11 Books That'll Inspire You To Get Out and Vote

by Crystal Paul

Election season is upon us! But I’m sure you haven’t forgotten about that. I mean, it’s pretty hard to not pay attention to the 2016 election when Donald Trump is terrifying half the nation and radicalizing the other, or when uteruses are on trial in the Hilary vs. Bernie debate that keeps finding new ways to patronize and insult young women voters on both sides. And then, of course, there’s all the speculation and worry over the replacement for Justice Antonin Scalia to keep you well-immersed in politics right now.

Still, whether politics and polls are at the front of your mind, or you’d rather move to Canada than read one more headline about presidential hopefuls, election season is always a great time to remember the what this voting thing is all about. If you’re feeling disheartened, it might be worthwhile to look back to the ideals that created the democratic system in the first place and the amazing ways that they’ve been improved upon. If the presidential candidates have you underwhelmed and indifferent, it might be good to read up on the significant sacrifices made in the name of voting rights for all. And if you’re thinking that the fight is over, then you’ll definitely want to pick up some of these books about the victories, setbacks, and the continuing struggle for voting rights and representation that’s still necessary today. Whatever you need, read on and vote.

1. This Little Light of Mine: The Life of Fannie Lou Hamer by Kay Mills

Fannie Lou Hamer might not be the most famous Civil Rights era activist, but she was one of the most important voices for voting rights at the height the movement. She lit a fire under Black voters in the '60s, and reading about her incredible life’s work will light the fire under you that you might need to get the polls.

2. Unbought and Unbossed by Shirley Chisholm

The first Black woman to make a bid for president, Shirley Chisholm made history in 1972, paving the way for those who came after her. Of course, Chisholm was making history long before she tried for the White House. As the first Black woman elected to the U.S. Congress, Chisholm has had a life full of general badassery, and she did her work both within and outside of the system. Trust me, you wanna read about her and daydream about her legacy.

3. The Notorious RBG by Irin Carmon and Shana Knizhnik

Before fear and hopelessness take over as you see more disheartening headlines about Donald Trump, restore your faith in humanity and political leaders by getting a good dose of everybody’s favorite justice.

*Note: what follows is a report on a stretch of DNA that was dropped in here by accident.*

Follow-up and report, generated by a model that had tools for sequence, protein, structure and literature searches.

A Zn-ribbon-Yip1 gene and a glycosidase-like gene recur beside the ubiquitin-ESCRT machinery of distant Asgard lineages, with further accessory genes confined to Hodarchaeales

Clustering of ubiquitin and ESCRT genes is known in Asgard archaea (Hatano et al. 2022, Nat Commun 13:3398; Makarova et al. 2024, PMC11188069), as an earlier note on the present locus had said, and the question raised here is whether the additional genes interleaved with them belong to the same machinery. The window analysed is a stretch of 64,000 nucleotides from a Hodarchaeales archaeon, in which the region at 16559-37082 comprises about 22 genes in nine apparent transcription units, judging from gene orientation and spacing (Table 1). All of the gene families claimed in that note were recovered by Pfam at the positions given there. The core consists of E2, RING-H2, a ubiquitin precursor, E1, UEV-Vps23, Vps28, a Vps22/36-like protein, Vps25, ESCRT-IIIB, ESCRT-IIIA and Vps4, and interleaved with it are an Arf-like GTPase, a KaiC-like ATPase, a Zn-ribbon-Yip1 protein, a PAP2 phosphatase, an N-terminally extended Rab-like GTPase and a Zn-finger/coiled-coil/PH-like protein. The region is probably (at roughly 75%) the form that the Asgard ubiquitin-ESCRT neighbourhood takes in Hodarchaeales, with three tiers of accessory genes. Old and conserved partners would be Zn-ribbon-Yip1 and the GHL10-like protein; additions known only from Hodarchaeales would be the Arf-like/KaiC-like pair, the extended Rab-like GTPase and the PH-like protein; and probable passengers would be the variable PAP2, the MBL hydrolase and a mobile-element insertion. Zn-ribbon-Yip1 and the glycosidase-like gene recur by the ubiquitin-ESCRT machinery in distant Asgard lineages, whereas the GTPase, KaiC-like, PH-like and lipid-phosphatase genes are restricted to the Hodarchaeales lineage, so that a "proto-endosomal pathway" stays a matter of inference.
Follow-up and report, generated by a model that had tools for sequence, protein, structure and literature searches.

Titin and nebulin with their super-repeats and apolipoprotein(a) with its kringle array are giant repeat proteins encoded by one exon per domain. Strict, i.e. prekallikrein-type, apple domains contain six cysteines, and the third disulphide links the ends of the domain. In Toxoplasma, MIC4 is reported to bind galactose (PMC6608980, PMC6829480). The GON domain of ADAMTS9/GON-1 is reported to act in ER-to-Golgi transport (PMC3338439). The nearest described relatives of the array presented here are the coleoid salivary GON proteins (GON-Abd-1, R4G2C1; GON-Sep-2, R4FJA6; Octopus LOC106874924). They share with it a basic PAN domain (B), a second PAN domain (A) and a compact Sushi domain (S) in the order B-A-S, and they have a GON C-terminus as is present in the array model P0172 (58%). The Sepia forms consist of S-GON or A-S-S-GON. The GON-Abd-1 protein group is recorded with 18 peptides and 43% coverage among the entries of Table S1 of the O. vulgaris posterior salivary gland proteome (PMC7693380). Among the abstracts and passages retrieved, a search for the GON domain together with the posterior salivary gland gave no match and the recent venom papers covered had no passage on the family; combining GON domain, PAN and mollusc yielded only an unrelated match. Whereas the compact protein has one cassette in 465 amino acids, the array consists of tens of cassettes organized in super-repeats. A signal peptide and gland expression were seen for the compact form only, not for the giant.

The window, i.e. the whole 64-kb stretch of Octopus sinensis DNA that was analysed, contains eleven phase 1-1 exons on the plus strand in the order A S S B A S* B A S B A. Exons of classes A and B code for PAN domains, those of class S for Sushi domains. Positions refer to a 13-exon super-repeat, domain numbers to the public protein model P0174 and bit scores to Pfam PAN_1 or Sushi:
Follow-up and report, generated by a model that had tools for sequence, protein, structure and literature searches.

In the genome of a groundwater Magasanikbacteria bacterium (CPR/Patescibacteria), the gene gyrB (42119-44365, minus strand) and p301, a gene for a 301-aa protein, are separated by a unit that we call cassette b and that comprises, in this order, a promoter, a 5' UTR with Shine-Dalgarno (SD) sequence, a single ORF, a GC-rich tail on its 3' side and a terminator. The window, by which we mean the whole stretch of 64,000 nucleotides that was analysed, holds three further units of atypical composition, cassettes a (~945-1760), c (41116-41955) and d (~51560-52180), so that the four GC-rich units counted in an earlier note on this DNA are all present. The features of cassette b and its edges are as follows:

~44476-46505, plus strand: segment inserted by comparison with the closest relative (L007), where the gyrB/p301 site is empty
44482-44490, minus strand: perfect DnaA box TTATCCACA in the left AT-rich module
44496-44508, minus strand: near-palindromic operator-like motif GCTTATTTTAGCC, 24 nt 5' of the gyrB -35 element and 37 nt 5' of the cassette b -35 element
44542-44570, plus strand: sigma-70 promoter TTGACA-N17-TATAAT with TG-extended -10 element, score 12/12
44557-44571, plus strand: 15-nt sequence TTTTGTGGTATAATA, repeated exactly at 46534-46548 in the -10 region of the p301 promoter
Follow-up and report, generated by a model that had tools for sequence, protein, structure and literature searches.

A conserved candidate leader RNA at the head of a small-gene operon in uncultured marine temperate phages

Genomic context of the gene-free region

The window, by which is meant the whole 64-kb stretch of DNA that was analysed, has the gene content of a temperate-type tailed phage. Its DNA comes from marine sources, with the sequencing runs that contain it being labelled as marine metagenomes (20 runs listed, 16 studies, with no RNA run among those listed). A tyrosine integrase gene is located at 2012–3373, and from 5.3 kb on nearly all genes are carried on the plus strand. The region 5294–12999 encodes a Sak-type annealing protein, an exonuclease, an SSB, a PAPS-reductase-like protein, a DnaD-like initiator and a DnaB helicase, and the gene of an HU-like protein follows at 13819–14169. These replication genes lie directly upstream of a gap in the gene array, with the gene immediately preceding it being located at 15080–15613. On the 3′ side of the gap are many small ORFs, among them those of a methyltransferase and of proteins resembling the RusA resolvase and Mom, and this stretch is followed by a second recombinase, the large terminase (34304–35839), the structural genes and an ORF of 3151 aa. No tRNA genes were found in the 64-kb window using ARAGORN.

4. My Beloved World by Sonia Sotomayor

I mean… or this other favorite justice.

5. Then Comes Marriage: United States v. Windsor and the Defeat of DOMA by Roberta Kaplan & Lisa Dickey

Sometimes you need a big win to stay hopeful. The defeat of the Defense of Marriage Act in 2013 was one of those big, celebrate-in-the-streets wins. Kaplan, the litigator on the case, takes you inside the fight, and because you know how it ends, you can breathe easy!

6. The New Jim Crow by Michelle Alexander

If you haven’t read The New Jim Crow by now, this is only one of many many reasons you need to get to it. Alexander’s chronicling of the disenfranchisement via mass incarceration of large portions of the U.S. population is disheartening and infuriating, infuriating enough to make sure you don’t waste the vote that so many others are cheated out of.

7. Bending Toward Justice: The Voting Rights Act and the Transformation of American Democracy by Gary May

The 2013 decision in Shelby County v. Holder nixed an important section of the Voting Rights Act of 1965. If you don’t know what that means or why it’s important to voting rights in this year’s election, then this is the book for you. It’s the story of the fight to earn voting rights and end voter intimidation and obstacles implemented to discourage minorities from voting. If anything, you’ll want to get to the polls just to honor the sacrifices our ancestors made to make sure we could.

8. Where Do We Go From Here?: Chaos or Community by Dr. Martin Luther King, Jr.

If you want an on-the-ground perspective of the fight that resulted in the Voting Rights Act of 1965 (and one by the one and only MLK), then here you go. But beware, it’s not always the inspiring story of justice that you might be hoping for. King often laments the disappointing execution of the act that left many Southern Black voters continuing to be terrorized away from the polls. It's also a good reminder that the fight for equality and justice doesn't end after you cast your vote.

9. Give Us The Ballot: The Modern Struggle for Voting Rights in America by Ari Berman

If you want a closer look at all those reasons that Dr. King was frustrated by how things played out after the Voting Right Act, Ari Berman does a great job of documenting how after the passage of the act everything under sun was done to make it practically useless… all the way up to even today.

10. The Story of American Freedom by Eric Foner

Through an up-close look at several freedom movements throughout U.S. history, Foner does a great job of showing how the social movements and organizing go hand-in-hand with democratic participation.

11. Civil Disobedience by Henry David Thoreau

Sure, Thoreau didn’t exactly celebrate the political process in this essay, but that’s because, as a fervent abolitionist, he was arguing that any laws or systems that supported slavery must be disobeyed. Today, we can start by turning up at the polls with the hopes of creating a more just government, and then if that doesn’t work we can go about disobeying unjust laws until we can create a government that protects the rights of everyone.

If all else fails, you can always just watch videos of Trump speeches… That oughtta be enough to scare you to the polls on voting day.

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